February 2017 Federal Employment Law Training Group Newsletter

Sad-to-Angry, then Back Again

I think I might be suffering from a form of bi-polar disease. Some days, I’ll review a document drafted by a client and think, “Wow, this is good stuff. They’ve been to our classes, learned how to draft discipline and performance documents, and are doing the right thing the right way.” Other days, I am overwhelmed by the lack of competence exhibited by professionals in our field; e.g., the HR Director with many years of experience who simply emailed the employee and told him he was fired; the attorney who drafted a six-page proposed removal of a probationer (!) based on an email the employee had written that disclosed violations of federal regulations (!!). When these cases are reversed on appeal by the Board, those agencies now will have reason to complain to an oversight committee on Capitol Hill that the mean old MSPB won’t let them fire anybody. In knee-jerk response, some Congressman will propose abolishing our civil service protections so that it is easier to fire bad employees without the Board in the way. Folks, I probably publicly criticize MSPB decisions more than anybody out here. Yet, I am among the first to say that the main problem we are having with firing bad hombres is not the Board. No, the main problems are that a) many lower-level supervisors don’t believe that they’ll be supported by upper management if they try to fire someone, and b) too many agency employment law practitioners don’t know a Douglas Factor from Douglas MacArthur.  Please, come to the classes. Learn not to propose probationary terminations. Develop radar to recognize a prohibited personnel practice. Exude due process. If we let those people on The Hill try to fix us, they will screw it up. Here at FELTG, we are ready to help you fix yourselves. If you need greater employee accountability in your organization, call us. We can show you how to make it start to happen today, before anybody else tries to do it for you.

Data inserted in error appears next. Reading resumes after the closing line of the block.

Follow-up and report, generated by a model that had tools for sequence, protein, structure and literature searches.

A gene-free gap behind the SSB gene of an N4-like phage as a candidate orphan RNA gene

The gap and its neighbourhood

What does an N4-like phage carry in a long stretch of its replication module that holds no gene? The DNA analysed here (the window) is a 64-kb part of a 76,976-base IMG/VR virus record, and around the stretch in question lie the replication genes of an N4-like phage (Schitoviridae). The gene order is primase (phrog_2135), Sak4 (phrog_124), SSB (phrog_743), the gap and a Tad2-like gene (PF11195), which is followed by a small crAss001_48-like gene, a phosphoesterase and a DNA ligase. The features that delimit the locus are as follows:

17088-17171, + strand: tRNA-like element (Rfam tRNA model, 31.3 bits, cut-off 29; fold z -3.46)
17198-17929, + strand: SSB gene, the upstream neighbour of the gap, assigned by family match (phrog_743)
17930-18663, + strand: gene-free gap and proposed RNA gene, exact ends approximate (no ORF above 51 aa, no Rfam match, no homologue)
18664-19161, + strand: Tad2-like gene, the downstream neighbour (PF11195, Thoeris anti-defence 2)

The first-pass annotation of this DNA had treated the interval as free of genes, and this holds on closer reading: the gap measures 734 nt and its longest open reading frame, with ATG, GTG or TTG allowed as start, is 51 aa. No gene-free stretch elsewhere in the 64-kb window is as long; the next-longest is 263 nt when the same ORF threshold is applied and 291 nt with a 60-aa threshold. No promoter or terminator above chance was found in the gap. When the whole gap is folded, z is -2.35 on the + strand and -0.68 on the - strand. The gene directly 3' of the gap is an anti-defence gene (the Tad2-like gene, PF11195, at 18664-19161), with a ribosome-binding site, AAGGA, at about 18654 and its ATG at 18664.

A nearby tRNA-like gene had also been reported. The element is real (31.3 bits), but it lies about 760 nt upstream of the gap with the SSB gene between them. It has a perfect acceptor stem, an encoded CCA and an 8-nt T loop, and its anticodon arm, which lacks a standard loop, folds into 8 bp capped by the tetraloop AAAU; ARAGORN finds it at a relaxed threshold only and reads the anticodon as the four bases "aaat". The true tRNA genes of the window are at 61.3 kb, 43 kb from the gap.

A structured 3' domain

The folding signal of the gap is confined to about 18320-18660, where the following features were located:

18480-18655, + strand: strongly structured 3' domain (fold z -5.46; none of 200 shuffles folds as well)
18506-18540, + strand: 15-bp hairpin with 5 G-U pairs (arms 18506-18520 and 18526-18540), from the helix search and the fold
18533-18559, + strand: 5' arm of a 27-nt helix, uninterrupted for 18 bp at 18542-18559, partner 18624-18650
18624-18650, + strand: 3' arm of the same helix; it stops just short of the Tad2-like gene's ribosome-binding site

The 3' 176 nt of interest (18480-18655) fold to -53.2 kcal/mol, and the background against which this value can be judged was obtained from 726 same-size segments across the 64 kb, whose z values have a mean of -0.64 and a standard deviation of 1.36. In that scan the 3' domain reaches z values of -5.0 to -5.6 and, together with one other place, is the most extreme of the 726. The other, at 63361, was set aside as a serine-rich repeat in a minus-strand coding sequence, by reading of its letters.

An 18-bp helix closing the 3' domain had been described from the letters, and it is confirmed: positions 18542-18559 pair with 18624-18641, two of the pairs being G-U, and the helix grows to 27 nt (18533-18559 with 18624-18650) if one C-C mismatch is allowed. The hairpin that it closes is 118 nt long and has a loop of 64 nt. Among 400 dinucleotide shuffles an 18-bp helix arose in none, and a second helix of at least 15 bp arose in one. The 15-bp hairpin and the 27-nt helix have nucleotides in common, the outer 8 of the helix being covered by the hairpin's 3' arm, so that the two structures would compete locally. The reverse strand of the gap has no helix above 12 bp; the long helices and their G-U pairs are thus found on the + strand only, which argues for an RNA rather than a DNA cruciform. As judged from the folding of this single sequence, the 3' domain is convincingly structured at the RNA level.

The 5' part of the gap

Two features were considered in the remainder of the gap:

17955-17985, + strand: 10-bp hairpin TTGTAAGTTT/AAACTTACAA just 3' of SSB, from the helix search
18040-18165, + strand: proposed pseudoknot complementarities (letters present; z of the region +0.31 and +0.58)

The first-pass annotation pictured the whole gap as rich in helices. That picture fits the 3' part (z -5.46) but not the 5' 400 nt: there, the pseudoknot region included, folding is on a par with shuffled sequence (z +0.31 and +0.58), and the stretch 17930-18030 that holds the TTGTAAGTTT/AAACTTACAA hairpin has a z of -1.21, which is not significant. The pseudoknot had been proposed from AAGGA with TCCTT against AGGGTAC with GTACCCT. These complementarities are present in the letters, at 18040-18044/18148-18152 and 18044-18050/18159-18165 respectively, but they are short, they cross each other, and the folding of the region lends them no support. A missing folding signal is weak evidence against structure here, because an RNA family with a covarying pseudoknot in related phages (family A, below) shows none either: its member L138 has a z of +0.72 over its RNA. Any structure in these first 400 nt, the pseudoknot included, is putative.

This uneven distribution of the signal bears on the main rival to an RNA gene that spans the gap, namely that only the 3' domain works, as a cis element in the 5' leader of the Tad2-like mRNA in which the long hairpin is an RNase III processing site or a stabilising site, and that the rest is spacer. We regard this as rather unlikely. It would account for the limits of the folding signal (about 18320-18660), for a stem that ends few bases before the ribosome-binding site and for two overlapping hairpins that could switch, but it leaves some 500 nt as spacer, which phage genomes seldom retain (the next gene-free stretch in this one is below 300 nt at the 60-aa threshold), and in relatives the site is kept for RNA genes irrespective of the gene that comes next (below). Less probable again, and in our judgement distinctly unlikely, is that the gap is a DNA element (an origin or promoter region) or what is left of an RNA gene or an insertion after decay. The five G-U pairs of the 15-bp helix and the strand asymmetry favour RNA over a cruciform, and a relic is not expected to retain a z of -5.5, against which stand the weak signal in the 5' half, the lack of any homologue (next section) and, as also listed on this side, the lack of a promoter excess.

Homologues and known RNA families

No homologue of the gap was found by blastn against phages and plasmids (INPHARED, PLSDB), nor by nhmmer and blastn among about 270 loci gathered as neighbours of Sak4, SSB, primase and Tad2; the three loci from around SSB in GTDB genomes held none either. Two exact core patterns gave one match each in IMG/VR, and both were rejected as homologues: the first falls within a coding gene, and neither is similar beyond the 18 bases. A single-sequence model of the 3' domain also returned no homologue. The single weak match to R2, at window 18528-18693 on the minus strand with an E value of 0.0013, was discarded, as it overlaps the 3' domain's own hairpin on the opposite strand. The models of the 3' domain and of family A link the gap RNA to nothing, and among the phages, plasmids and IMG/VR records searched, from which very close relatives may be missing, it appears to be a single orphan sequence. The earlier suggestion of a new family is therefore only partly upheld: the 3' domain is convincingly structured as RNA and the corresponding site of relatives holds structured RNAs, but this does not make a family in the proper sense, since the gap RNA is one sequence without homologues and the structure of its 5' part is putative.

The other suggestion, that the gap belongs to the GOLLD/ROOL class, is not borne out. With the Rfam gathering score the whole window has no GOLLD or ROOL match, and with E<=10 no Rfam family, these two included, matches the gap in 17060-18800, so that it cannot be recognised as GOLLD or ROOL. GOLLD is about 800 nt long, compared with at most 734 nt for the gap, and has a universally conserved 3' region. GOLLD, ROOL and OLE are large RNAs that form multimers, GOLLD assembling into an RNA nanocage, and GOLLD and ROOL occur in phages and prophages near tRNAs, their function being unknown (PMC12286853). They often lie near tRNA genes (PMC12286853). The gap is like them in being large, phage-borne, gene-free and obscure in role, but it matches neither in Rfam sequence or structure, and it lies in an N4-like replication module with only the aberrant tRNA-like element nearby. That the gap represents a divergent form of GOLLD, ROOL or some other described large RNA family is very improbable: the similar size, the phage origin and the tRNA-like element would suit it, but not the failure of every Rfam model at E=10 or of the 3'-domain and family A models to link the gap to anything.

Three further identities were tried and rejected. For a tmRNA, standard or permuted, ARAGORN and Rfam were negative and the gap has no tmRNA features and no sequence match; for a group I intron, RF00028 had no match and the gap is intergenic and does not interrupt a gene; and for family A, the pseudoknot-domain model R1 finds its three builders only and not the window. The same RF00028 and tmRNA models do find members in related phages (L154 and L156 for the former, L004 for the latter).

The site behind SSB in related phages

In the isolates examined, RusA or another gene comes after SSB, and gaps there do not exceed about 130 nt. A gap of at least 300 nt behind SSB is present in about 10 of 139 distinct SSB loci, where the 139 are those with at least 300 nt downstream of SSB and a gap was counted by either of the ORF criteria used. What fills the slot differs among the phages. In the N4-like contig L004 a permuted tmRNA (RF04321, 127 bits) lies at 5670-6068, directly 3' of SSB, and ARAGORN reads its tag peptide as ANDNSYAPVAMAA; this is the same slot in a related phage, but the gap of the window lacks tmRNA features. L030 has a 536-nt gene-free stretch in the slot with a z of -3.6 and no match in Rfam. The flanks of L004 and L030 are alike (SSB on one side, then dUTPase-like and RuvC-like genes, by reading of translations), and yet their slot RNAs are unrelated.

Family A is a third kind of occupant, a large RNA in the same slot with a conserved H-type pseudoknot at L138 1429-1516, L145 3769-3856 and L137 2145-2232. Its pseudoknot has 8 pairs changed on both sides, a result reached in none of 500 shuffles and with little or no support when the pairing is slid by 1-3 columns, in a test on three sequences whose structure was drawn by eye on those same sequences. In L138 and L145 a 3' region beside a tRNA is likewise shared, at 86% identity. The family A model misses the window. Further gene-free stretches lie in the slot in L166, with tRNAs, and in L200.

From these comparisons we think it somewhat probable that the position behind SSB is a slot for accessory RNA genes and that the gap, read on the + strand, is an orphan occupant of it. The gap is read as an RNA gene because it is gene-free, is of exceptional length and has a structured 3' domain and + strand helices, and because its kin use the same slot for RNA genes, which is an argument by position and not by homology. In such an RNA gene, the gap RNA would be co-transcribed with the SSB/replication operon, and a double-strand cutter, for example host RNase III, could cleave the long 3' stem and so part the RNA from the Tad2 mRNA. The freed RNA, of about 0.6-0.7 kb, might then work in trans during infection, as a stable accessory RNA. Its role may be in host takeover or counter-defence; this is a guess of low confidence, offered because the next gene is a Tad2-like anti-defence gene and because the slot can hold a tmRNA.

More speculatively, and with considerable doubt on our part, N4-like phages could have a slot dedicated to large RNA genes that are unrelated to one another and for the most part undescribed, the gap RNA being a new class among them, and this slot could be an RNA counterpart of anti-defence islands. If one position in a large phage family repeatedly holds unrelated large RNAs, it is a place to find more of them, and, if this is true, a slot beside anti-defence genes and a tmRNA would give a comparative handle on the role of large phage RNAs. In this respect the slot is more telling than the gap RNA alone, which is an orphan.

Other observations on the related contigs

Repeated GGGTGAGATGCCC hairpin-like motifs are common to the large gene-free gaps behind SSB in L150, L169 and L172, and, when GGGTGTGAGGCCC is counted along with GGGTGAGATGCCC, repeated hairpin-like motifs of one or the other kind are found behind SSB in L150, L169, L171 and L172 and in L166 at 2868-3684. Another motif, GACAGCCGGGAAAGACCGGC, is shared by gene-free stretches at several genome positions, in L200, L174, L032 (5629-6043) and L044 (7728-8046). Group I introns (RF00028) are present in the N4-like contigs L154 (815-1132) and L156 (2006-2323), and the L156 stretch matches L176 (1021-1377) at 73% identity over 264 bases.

Bill Signature

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When You Can Say “No!” to the President

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Is Performance Recognition Necessary or Beneficial?

By Barbara Haga, February 15, 2017 I am going to jump out on a limb here and suggest that recognition tied to performance appraisals is at best benign and not achieving what it is intended to do, and possibly a detriment to performance management in Federal agencies. ...

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So, the Union Wants a Bunch of Information?

By William Wiley, February 15, 2017 Questions, we get questions. Not a lot of questions are about union rights and corresponding management obligations, and this one is a good one: From an inquiring mind among the FELTG newsletter readership: Dear FELTG brilliant...

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Commissioner Lipnic Named Acting Chair of EEOC

By Deryn Sumner, February 15, 2017 As FELTG has kept you all apprised, the MSPB currently lacks a quorum, which means that it can’t actually issue any decisions on pending petitions for review.  Luckily the halls of the EEOC are not so empty.  The President appointed...

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An Ugly Trend in Charge-Framing

By William Wiley, February 15, 2017 In science, we say that if it only happened once, it could be an accident; if it has happened twice, perhaps it’s a coincidence; but if it has happened three times, we’re onto a trend. I’m afraid we’ve come to a point in MSPB...

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